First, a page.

Rambus has been under fire in the online community for quite some time now. The company has been a pretty easy target. A single 128MB stick of 800MHz (400MHz, 2 transfers per cycle) Rambus DRAM (RDRAM) sells for $600-550 while a single 128MB PC133 SDRAM module sells for $100-90.
Granted, these are end-user prices. The best way to get your hands on RDRAM right now is to buy a complete RDRAM based PC from a large OEM such as Dell or Compaq. Large OEMs like Dell are able to lock in significantly lower RDRAM prices with high volume contracts.
There's no argument over the fact that RDRAM is more expensive than plain old SDRAM. Since RDRAM is more expensive, you would be tempted to believe that it offers better performance that SDRAM. We all grew up with the belief that a higher price tag means higher quality, right? So far, most online benchmarks comparing PC133 SDRAM to RDRAM have shown mixed results with RDRAM showing only a slight performance advantage.
To the average techie, it appears as if RDRAM is too expensive and it only offers a slight performance advantage over SDRAM. Add to that the fact that Rambus makes money from RDRAM royalties, and you have an easy target to attack.
In this article, FiringSquad is taking a step back to give our readers a look at the other side of the Rambus and RDRAM debate. What exactly is the connection between Intel and Rambus? Why isn't RDRAM blowing away SDRAM in the benchmarks? When will RDRAM finally become affordable? What's the deal with those RIMM heat spreaders anyway? We went straight to Rambus' Dr. Steven Woo to get some answers. In our meeting, FiringSquad asked several sensitive questions that the good doctor fielded easily.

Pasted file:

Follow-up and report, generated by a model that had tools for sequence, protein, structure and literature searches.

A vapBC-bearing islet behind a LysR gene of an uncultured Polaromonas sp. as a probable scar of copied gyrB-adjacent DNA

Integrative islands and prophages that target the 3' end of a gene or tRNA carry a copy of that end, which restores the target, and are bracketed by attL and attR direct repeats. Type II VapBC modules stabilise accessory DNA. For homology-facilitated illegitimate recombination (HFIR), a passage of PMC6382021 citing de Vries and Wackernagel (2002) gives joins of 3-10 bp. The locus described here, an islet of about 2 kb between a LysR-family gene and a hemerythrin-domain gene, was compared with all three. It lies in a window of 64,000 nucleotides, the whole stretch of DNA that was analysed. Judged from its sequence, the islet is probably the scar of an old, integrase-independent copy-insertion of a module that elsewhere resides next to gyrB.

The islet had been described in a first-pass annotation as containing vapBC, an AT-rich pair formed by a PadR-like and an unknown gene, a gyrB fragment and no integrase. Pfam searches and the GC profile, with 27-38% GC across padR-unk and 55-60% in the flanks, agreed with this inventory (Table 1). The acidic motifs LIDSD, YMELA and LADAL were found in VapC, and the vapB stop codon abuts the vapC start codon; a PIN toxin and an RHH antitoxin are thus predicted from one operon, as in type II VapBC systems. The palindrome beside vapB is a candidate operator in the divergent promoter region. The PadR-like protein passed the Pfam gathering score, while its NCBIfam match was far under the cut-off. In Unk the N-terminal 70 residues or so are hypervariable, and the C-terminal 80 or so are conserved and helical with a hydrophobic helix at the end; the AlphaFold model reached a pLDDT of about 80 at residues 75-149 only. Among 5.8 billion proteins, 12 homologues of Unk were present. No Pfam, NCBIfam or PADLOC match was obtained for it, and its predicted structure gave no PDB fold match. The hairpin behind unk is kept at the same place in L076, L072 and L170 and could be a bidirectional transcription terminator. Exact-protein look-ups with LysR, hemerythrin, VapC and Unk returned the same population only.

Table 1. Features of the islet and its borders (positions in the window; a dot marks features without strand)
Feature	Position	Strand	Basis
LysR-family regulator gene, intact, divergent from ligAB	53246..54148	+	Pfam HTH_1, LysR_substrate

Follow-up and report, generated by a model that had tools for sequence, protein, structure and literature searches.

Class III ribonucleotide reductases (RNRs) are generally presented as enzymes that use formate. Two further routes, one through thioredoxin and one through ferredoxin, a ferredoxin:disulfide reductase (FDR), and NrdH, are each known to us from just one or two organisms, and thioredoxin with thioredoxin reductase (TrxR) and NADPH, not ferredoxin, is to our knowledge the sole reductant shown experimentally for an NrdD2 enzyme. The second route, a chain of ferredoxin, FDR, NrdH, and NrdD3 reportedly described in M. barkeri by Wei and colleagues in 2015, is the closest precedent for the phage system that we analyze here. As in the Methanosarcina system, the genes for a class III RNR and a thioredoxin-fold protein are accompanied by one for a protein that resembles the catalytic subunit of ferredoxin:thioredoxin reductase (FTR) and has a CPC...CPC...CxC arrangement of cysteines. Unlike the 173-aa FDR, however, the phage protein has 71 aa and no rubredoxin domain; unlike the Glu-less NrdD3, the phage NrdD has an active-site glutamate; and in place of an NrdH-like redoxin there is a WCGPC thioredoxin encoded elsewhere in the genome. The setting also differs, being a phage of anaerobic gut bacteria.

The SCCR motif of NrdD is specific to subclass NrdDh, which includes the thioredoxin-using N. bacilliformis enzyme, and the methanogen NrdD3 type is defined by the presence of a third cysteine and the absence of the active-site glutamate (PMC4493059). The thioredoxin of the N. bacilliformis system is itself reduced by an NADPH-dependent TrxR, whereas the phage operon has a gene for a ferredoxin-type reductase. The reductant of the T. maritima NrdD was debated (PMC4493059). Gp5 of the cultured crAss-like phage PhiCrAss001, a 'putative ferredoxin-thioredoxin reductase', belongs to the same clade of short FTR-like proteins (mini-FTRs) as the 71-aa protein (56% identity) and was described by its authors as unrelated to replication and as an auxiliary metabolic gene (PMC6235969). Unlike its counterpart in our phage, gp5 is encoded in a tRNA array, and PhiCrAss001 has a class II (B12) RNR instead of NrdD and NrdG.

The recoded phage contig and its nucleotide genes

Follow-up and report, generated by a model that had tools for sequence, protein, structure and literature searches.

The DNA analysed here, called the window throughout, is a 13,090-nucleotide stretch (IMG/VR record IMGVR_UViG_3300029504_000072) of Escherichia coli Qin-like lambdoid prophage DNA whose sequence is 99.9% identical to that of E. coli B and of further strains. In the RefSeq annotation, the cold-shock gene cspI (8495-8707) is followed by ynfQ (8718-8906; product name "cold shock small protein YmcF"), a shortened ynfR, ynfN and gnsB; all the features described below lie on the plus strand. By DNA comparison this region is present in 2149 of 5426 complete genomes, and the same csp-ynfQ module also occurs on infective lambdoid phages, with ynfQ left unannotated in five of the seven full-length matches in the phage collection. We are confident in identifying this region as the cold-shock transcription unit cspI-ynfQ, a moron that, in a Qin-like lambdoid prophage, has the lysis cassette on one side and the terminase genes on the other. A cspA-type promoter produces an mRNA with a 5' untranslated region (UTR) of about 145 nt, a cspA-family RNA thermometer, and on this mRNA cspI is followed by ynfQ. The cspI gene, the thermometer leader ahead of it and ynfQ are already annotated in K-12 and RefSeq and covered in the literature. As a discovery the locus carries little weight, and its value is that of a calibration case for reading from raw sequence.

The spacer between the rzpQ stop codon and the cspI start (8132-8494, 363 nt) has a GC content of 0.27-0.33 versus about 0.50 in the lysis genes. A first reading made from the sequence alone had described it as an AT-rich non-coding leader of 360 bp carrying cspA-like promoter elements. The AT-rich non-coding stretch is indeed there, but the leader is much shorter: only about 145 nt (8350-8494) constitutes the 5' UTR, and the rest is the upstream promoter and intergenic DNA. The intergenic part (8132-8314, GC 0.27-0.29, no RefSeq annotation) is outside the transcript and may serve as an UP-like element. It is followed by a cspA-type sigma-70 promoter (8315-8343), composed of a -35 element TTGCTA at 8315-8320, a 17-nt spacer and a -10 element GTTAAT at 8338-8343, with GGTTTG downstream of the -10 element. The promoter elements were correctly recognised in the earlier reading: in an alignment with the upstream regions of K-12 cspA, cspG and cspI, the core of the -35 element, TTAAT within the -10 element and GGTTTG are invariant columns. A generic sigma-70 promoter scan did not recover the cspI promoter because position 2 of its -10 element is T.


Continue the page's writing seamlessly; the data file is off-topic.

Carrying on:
We had a follow-up e-mail interview with Rambus to obtain the concrete text. Dr. Woo was at WinHEC at the time, so he had a Rambus VP answer the questions for us. Keep in mind that Rambus is a publicly traded company (NASDAQ: RMBS). If a few of the answers seem a bit dry, remember that Rambus has to walk that fine line between the SEC and keeping internal information confidential. Please forgive the marketing flavor in a few of the answers -they are from a VP after all.
As always, our questions are in bold, and Rambus's answers are in normal font.
Firingsquad: Good morning. Can you please state your name and position for our readers?
Good morning. My name is Avo Kanadjian and I'm vice president of
worldwide marketing at Rambus Inc.
FiringSquad: Can you give us a brief description of what Rambus technology actually does?
Rambus develops and licenses chip-to-chip interface technologies that enable semiconductor memory devices and ASICs to keep pace with faster generations of processors and controllers. Rambus technology is incorporated onto dynamic-random-access-memory (DRAM) chips and the logic devices that control them. Rambus technology is scalable as processor speeds increase, offering data transfer speeds up to 800MHz today and even higher rates in the near future.